At first we were a bit concerned when Mickey Thompson Performance Tires & Wheels became part of the far larger Cooper Tires, the eighth largest (in sales) tire company in the U.S. for the past few years. So much for seeing any more small-volume enthusiast tires, we thought. Luckily, we were completely wrong, and Mickey Thompson keeps cranking out specialty tires-except of much better quality.
In the case of the Mickey Thompson Baja ATZ, small volume only refers to the relatively small numbers of tires made (compared to the enormous amounts of passenger-car tires sold in the U.S.), as the smallest ATZ at this writing was a 33x15.50R15. That may not sound all that large, but this was the first 33-incher that rubbed the fenders of our test Blazer-which normally allows 35s to fit comfortably.
With a section width of 15.7 inches and a tread 12.1 inches wide, the 15x10-inch Classic Lock II wheels we used are technically too narrow for the tire, but handling was still very good, and the tracking we had anticipated was practically nonexistent. Besides, with 12-inch rims the tires would've really rubbed. There was more tire noise than expected, but the ATZ is by no means a loud tire. It's just that with four patches over a foot wide each, there are a lot of tread blocks hitting the ground at once, and it's enough to be audible. Yet the rolling resistance was relatively low.
With a high load-carrying capability (2,405 pounds at 35 psi) and a nylon cap over two steel belts, the tire still soaks up irregularities in the road pretty well, and made in a 12-segment mold, it runs very true and smooth. On the Hunter GSP 9700 balancer, we saw very low Road Force Variation numbers (8, 15, 12, and 14 pounds), which is especially impressive on a wide tire weighing 83 pounds. This says a lot about the build quality of the tire, and the trueness of the Classic Lock II wheels. Those 'locks, by the way, are a purely cosmetic add-on, but since they're available separately, they can be used as sacrificial rim edges. The wheels themselves are guaranteed against structural defects and have steel inserts for the lug nuts to spread the clamping load through.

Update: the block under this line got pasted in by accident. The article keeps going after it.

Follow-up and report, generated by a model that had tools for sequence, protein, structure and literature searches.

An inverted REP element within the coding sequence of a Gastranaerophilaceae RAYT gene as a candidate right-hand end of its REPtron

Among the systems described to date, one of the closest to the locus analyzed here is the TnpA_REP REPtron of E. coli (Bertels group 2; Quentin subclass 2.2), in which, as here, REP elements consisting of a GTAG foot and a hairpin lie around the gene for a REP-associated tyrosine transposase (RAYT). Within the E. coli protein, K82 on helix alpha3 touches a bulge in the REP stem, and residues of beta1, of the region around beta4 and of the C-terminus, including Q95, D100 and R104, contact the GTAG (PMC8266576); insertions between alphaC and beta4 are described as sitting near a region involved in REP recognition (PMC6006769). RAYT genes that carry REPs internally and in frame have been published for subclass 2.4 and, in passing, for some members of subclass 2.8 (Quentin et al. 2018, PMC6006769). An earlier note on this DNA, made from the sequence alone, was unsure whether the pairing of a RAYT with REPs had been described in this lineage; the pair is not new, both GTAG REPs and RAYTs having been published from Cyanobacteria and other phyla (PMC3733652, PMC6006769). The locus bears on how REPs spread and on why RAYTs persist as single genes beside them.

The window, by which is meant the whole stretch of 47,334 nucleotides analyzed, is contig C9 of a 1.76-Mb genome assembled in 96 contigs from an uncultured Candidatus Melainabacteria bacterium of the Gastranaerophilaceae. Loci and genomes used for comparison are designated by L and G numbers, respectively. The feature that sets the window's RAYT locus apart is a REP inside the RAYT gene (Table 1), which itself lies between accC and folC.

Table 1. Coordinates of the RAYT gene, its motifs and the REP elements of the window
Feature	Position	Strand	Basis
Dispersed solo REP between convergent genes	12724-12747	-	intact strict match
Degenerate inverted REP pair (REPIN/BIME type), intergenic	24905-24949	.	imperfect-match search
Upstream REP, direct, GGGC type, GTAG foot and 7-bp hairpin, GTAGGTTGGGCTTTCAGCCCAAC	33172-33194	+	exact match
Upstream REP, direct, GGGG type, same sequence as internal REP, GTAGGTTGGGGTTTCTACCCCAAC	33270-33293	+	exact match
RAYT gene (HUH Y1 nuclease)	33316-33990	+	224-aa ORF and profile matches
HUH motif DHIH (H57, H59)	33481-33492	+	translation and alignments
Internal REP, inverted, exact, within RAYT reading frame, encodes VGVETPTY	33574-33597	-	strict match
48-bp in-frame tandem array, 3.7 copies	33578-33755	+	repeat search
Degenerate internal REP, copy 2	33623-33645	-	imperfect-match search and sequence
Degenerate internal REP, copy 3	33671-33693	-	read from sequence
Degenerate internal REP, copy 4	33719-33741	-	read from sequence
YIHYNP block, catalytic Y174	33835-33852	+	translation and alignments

We expected the 12.1-inch-wide tread to do pretty well in sand, and it did. However, airing down to a conservative 10 psi apparently made the stiff-treaded radial push so much sand ahead of itself that we aired back up again-the price you sometimes pay for running a radial with good road manners. In harder dirt, a lower pressure allows the Sidebiter lugs on the sidewall to help with traction, and conformability improved to the point that fist-sized rocks were barely noticeable.
Great for traversing ruts, the width of the Mickey Thompson Baja ATZ works for or against you, depending on the situation on hand, and the vehicle. Our portly test vehicle put enough contact pressure on the relatively mild tread to make it work in the dirt, but on a lighter rig, the more aggressive MTZ would be a better choice. The same would hold true for mud, of course, but we didn't have any to try the ATZs in.
We feel that the Mickey Thompson Baja ATZ is a tire primarily for the street that works well on the trail under a heavier vehicle, but between the stiff tread area (which makes it perform on pavement) and it being a radial, it's not something we'd put on a trail-only vehicle. Now, if you'll excuse us, we'll go cut some more sheetmetal off the fenders on our mostly-street four-by so that these tires won't rub as often.
Tire: Mickey Thompson Baja ATZ
Load range: C
Max load (lb. @ psi): 2,405 @ 35
Sidewall: Three-ply polyester
Tread: Three-ply polyester, two-ply steel, one-ply nylon
Approved rim (in.): 11-13
Tread depth (in.): 20.5/32
Tread width (in.): 12.1
Section width (in.): 15.7
Overall diameter (in.): 32.9
Static loaded radius (in.): N/A
Revs per mile: N/A
Weight (lb.): 83
Test vehicle/weight (lb.): K-5 Blazer/6,300